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Coca-Cola politics

  • Disenchanted with both BN and PH, many decide to stay away from polling stations. Can anyone blame them for doing this?

Sin Chew Daily

The rotten apple metaphor has left an indelible mark in people's hearts, but for me, I would prefer to avoid using it as far as possible.

There are now people who would prefer to compare the BN-PH rivalry with that between Coca-Cola and Pepsi.

This latter analogy appeals much more to me!

Coca-Cola boasts a very long history, having been invented by a retired military officer during the American Civil War.

It was intended to help relieve flu but later became a fashionable drink as people found it irresistibly tasty and refreshingly thirst-quenching.

Pepsi was later created to mimic the Coke in an attempt to steal a chunk of its market.

Someone did the experiment, bringing in fans of both drinks for a blind test. It was found that most people could not tell one from another in the blind test. Ironically, the Coke fans picked the wrong cola; so did the Pepsi supporters.

In the Malaysian politics, BN and PH are very similar in terms of organization and nature, and their leaders, indeed, have come from the same place.

In essence, the two colas are nothing more than carbonated syrupy waters reigning on the human lust for anything sugary and thirst-quenching pleasure imparted by CO2 from the gassy drinks.

Look at the labels on the bottles: 10.8g of sugar per 100ml or 38g in a 355ml can, equivalent to six teaspoonfuls of sugar. The supersize Coke bought at the cinema candy bar is 44 teaspoonfuls of sugar, an entire week's recommended intake!

Since the first taste of Coke at very young age, many kids have grown to become die-hard fans of the beverage. A friend of mine insists to gulp down three to four cans a day, his mouth full of decayed teeth and his body weight a whopping 100kg before he reaches the middle age. The first advice his doctor gave him was to cut back on Coke.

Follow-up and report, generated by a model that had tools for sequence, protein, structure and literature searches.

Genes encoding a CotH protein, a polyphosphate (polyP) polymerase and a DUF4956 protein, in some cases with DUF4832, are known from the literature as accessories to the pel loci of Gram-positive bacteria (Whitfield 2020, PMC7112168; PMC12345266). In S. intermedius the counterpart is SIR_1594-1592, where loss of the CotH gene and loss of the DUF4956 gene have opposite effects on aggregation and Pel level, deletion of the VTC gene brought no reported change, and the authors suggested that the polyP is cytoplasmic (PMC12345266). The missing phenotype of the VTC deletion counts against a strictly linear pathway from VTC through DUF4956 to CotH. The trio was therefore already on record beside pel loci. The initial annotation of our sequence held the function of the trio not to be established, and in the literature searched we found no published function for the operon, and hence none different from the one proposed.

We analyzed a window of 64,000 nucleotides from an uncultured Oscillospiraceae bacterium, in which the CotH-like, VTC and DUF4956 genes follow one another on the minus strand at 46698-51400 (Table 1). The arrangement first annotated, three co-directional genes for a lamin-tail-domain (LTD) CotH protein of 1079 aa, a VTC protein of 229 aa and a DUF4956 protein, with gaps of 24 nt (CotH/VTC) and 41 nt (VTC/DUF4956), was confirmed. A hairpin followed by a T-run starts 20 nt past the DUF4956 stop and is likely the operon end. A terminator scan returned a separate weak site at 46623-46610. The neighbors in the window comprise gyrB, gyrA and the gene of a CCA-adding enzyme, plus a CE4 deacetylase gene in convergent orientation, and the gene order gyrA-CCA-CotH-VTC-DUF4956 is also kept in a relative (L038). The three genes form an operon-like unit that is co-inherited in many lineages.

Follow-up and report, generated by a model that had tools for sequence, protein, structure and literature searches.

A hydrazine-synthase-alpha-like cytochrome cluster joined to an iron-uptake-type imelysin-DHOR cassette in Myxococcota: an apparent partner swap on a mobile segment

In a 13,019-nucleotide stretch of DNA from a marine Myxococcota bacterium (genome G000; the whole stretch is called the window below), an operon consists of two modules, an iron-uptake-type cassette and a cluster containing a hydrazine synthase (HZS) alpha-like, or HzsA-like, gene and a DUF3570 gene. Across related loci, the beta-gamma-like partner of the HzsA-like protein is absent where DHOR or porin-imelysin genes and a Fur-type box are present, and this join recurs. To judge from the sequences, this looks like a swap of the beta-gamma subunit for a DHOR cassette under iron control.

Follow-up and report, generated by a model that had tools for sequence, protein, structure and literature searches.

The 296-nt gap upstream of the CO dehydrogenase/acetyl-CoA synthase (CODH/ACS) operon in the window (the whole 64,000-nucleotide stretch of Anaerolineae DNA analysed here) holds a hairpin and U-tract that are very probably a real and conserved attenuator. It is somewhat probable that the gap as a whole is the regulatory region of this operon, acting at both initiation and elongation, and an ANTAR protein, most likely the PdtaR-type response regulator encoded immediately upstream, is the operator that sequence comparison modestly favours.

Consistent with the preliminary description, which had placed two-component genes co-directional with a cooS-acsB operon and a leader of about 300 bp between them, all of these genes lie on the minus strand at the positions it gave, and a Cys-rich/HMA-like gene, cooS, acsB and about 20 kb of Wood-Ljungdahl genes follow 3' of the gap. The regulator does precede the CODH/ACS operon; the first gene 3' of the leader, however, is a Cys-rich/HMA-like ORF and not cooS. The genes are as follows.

Malaysian politics, similarly, is a sugar-rich human activity where politicians cajole their voters with sweet lies and sugar-coated hollow promises. The more candies they hand out, the more they are going to demand a payback later.

We call this high-sugar politics "populism".

During the early years, Coca-Cola, the self-proclaimed taste innovator, monopolized the beverage market until Pepsi came on stream and sold at more competitive prices to conquer young taste buds through heavy advertising.

The aggressive marketing onslaught allowed Pepsi to bite into the market of old-timer Coke, which, unhappy with the diluted market, looked to healthier versions and oversea expansion to square off the challenge, a strategy that was soon duplicated by the Pepsi guys.

Before long, human beings were divided into two groups based on their favorite drinks. They were indeed powerful defenders of their own drinks so much so they would outright despise their rivals.

The same thing happens to our ruling and opposition parties today where their supporters are dead loyal, non-compromising, non-accommodating and mutually antagonistic.

With health awareness gaining more momentum in recent decades, many have begun to distance themselves from sugared soft drinks. We can't blame them for making the decisions. Can we?

Disenchanted with both BN and PH, many decide to stay away from polling stations. Again, can we blame them for doing this?



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